A Theory of Cerebellar Function


Mathematical Sciences 10 (1971), 25-61



Copyright 1971 by American Elsevier Publishing Company, Inc.



Cybernetics and Subsystem Development Section

Data Techniques Branch

Goddard Space Flight center

Greenbelt, Maryland

Communicated by Donald H. Perkel



A comprehensive theory of cerebellar function is presented, which ties together the known anatomy and physiology of the cerebellum into a pattern-recognition data processing system. The cerebellum is postulated to be functionally and structurally equivalent to a modification of the classical Perceptron pattern-classification device. It is suggested that the mossy fiber → granule cell → Golgi cell input network performs an expansion recoding that enhances the pattern -discrimination capacity and learning speed of the cerebellar Purkinje response cells.

Parallel fiber synapses of the dendritic spines of Purkinje cells, basket cells, and stellate cells are all postulated to be specifically variable in response to climbing fiber activity. It is argued that this variability is the mechanism of pattern storage. It is demonstrated that, in order for the learning process to be stable, pattern storage must be accomplished principally by weakening synaptic weights rather than by strengthening them.



A great body of facts has been known for many years concerning the general organization and structure of the cerebellum. The regularity and relative simplicity of the cerebellar cortex have fascinated anatomists since the earliest days of systematic neuro-anatomical observations. In just the past 7 or 8 years, however, the electron microscope and refined micro-neurophysiological techniques have revealed critical structural details that make possible comprehensive theories of cerebellar function. A great deal of the recent physiological data about the cerebellum come from an elegant series of experiments by Eccles and his co-workers. These data have been compiled, along with the pertinent anatomical data, in book form by Eccles et al. [5]. This book also sets forth one of the first reasonably detailed theories on the function of the cerebellum. Another theory, published in 1969 by Marr [11], in many ways extends and modifies the theory of Eccles et al.

The theory presented here was developed independently of the Marr theory but agrees with it at many points, at least in the early sections. This article, developed from a study of Perceptrons [15] and memory model cells [1], applies these results to the structure of the cerebellum as summarized by Eccles et al. [5]. The theory presented here extends the Marr theory and proposes several modifications based on principles o f information theory. These extensions and modifications relate mainly to the role of inhibitory interneurons in the learning process, and to the detailed mechanism by which patterns are stored in the cerebellum.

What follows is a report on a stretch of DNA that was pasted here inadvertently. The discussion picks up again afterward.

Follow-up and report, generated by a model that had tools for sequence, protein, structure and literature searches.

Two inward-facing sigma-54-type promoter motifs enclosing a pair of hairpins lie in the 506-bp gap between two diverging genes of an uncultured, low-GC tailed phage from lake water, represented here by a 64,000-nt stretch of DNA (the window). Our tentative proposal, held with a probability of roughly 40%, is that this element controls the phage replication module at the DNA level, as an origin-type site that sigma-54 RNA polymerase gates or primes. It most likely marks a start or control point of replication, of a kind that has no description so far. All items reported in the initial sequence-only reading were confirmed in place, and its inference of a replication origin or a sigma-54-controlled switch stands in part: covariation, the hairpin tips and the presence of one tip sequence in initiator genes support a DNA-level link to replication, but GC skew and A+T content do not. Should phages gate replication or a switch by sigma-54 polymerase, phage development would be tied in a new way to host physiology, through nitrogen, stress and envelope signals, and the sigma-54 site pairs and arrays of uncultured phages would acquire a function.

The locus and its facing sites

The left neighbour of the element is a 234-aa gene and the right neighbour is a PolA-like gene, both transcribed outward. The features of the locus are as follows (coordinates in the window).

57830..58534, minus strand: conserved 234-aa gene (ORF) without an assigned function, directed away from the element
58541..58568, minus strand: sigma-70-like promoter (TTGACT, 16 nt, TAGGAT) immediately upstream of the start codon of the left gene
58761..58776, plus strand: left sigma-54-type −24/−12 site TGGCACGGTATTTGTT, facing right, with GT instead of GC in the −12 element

To credit each piece of information presented in this section to its original source would be very tedious. Everything in this section is taken directly either from Eccles et al. [5] or Fox et al. [7]. Therefore a single reference is now made to these sources and to the extensive bibliographies that appear in them.

A. Mossy fibers

Mossy fibers constitute one of the two input fiber systems to the cerebellum. Input information conveyed to the cerebellum via mossy fibers is from many different areas. Some mossy fibers carry information from the vestibular system or the reticular formation, or from both. Others carry information that comes from the cerebral cortex via the pons. The mossy fiber system that has been most closely studied relays information from the various receptor organs in muscles, joints, and skin. Mossy fibers that arrive via the dorsal spinal cerebellar tract are specific as regards modality of the muscle receptor organ, from either muscle spindles or tendon organs, and have a restricted receptor field, usually from one muscle or a group of synergic muscles.

Mossy fibers from the ventral spinal cerebellar tract are almost exclusively restricted to Golgi tendon organ information but are more generalized as regards specific muscles than those from the dorsal spinal cerebellar tract. The ventral tract fibers seem to signal stages of muscle contraction and interaction between contraction and resistance to movement of a whole limb. Other mossy fibers carry information from skin pressure receptors and joint receptors. There are continuous spontaneous discharges on most mossy fibers, at rates between 10 and 30 per second, even when the muscles are completely relaxed.